The East India Company of Great Britain was established in Tamil Nadu in 1640 when it negotiated the use of Madraspatnam, later to become Chennai, as a trading post. Petty quarrels among provincial rulers catalyzed the British to gain administrative control over the area. Under their colonial rule, most of South India was integrated into the region called Madras Presidency. When India became independent in 1947, Madras Presidency became Madras State. In 1956 the Madras State was reorganized to form present-day Tamil Nadu along linguistic lines.

The religious Hindus of India generally suffered from British occupation and Indian Independence. The British left them humiliated subordinated to Western values and nonreligious principles. Indian Independence spawned a faltering democratic government laced with corruption. This new democracy harvested profits from temples and left priests nearly penniless. As bad as this was, the priests at least had jobs, for the temples could not function without them. The oduvars, however, were expendable. Only the most dedicated remained at their posts. This is still true today. Sivagangai is now working in the Kundrakudi Murugan Temple, which is government controlled. Although his food and lodging are free, he makes only about $15 a month.

At the Tirumurai Pathasala run by Koviloor Aadheenam, Ratnasabhapathi Desikar, 72, teaches a five-year intensive course to qualify oduvars, but he currently has only seven students. There are four other schools like this in Tamil Nadu. The most successful of them is at Dharmapuram Aadheenam, where teachers have sustained their program for the last 25 years. Today, in all of Tamil Nadu, it is estimated that less than 30 students are studying to become full-time oduvars.

This bleak horizon reveals a glimmer of light. Recently, a Tamil movie entitled Raja Raja Cholan featured a number of oduvars performing on film. Never in recent history have these elite but obscure musicians enjoyed such mainstream promotion. Sri La Sri Nachiappa Gnana Desika Swamigal, the pontiff of Koviloor Aadheenam, is enthusiastic. “We will be releasing an audio cassette/CD on Tirumurai,” he says with a gleam in his eye. “Things are slowly getting better. There is more respect for the oduvar.” For years, Swami has been spearheading a campaign to revive the tradition.

At the school run by Koviloor Aadheenam, Muthukumar and Ananda Kaleeswaran, both 21, are the only two students who have graduated from the course since its inception in 1995. Muthukumar is a first-generation oduvar, while Kaleeswaran is fifth generation.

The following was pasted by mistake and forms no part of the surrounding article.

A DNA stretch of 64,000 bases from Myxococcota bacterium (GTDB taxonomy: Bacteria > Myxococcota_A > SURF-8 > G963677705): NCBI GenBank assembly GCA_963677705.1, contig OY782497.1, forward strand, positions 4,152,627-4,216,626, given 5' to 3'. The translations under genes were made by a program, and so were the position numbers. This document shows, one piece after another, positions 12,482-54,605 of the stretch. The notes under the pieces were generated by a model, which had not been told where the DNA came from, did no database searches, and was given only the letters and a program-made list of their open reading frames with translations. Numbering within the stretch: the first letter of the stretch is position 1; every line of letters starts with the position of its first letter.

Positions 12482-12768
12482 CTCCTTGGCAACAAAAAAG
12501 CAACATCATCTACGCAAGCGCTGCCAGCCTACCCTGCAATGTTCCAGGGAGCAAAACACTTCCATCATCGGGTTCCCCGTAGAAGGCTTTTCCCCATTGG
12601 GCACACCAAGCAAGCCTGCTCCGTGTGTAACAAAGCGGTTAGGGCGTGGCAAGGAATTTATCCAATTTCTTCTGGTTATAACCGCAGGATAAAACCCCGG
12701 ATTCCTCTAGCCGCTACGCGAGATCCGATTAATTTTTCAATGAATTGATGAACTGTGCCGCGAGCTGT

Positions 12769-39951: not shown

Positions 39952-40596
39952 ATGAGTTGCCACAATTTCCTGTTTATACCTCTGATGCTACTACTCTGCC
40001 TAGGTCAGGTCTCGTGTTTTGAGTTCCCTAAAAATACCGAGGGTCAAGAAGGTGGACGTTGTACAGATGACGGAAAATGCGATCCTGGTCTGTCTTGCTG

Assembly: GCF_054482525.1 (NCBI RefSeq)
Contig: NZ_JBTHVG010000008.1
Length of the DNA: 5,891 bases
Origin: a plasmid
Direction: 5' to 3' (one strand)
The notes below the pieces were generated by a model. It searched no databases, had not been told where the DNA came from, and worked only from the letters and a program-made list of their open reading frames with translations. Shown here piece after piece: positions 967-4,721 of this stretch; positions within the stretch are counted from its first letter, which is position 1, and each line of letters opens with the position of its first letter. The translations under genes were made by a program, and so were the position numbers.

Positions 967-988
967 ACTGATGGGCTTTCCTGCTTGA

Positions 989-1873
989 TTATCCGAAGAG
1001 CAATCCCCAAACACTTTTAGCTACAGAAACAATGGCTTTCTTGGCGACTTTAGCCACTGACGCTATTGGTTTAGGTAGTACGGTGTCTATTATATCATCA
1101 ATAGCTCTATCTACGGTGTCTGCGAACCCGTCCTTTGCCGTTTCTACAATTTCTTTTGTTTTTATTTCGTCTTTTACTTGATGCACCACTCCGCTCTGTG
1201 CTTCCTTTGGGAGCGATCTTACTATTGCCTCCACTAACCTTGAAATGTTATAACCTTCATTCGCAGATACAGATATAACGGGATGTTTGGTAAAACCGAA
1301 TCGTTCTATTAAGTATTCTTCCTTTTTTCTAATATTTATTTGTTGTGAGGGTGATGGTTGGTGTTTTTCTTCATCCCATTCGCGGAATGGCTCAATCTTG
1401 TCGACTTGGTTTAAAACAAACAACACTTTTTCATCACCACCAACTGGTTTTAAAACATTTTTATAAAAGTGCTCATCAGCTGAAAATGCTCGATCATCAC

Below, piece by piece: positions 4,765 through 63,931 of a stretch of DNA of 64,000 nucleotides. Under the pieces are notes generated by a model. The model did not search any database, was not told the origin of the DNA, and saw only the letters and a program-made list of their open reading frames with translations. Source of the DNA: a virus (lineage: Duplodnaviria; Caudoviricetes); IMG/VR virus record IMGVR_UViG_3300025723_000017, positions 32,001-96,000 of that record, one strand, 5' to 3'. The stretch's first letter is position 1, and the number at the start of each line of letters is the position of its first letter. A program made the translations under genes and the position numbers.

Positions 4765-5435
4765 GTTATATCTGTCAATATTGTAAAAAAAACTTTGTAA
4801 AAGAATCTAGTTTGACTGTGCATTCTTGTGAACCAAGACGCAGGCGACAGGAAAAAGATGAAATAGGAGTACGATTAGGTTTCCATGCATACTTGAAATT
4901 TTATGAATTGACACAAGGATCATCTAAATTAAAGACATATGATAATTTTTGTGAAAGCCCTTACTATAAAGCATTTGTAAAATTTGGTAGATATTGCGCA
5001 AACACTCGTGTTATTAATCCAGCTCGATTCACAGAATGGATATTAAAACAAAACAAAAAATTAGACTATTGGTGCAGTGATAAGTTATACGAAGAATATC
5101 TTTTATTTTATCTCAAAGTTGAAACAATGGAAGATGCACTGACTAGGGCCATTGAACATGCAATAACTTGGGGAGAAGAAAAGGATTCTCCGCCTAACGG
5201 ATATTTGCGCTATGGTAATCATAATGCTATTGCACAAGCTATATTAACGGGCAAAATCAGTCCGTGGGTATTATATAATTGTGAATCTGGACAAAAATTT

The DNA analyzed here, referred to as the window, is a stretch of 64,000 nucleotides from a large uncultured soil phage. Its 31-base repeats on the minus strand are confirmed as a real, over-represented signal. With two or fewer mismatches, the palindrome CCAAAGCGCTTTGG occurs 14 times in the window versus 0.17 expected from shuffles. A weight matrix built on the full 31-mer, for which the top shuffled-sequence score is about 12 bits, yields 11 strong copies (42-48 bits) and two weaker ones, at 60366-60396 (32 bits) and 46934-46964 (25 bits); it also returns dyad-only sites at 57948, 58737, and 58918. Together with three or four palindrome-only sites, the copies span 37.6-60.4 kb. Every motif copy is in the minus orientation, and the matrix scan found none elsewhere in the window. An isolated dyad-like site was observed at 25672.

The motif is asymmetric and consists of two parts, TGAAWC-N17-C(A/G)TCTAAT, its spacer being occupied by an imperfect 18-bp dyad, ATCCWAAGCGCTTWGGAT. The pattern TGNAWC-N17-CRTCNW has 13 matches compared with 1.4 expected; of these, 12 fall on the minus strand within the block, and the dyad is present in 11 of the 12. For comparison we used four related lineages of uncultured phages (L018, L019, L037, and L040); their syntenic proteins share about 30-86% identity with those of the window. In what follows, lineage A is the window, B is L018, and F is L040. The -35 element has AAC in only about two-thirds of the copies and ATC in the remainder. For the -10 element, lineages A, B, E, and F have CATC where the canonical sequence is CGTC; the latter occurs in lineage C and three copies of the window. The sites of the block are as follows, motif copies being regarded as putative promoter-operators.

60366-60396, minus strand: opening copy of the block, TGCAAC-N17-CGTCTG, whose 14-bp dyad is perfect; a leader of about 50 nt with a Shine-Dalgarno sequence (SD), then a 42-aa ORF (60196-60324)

“Many have discouraged me, saying that I may be losing out monetarily,” says Muthukumar. “But I was firm and determined. Oduvars are respected everywhere.”

The students still studying in the program all share a similar enthusiasm. Dingidul, 18, seeks to emulate his grandfather, who is still a highly revered oduvar. Sivanmalai, 16, wants to sing in a temple in his hometown. So do 23-year-old T. Rathinavel Subramaniam and 18-year-old Ganesan. “Even in villages, people are now more God-loving,” says Ganesan, who will be a 15th-generation oduvar. “So I am very sure this tradition will stay for a very long time.” Soma Sivaprakasam, 20, is the son of an accountant who became an oduvar. He dreams of going abroad to serve as a teacher and a singer.

At the Koviloor Aadheenam, Tirumurai school education is free, just as it is in all the pathasalas (schools) of Tamil Nadu. Food, accommodation, clothes and books are provided at no cost. The Chettiars, a community of wealthy South Indian businessmen, have long been associated with the oduvars and figure in their future as dependable patrons. Organizations like the Music Academy, Seethai Hall, Narada Gana Sabha and Ramalingar Pani Mandram all based in Chennai, Tamil Nadu’s classical music vortexÑconstantly promote the Tirumurai and the oduvars.

Then there is Sivagangai, who daily strives to melt even the hearts that do not melt at all. The saints who wrote the songs he sings have long ago passed away. Yet, they live on in their Tirumurai and in the sacred singing of Sivagangai.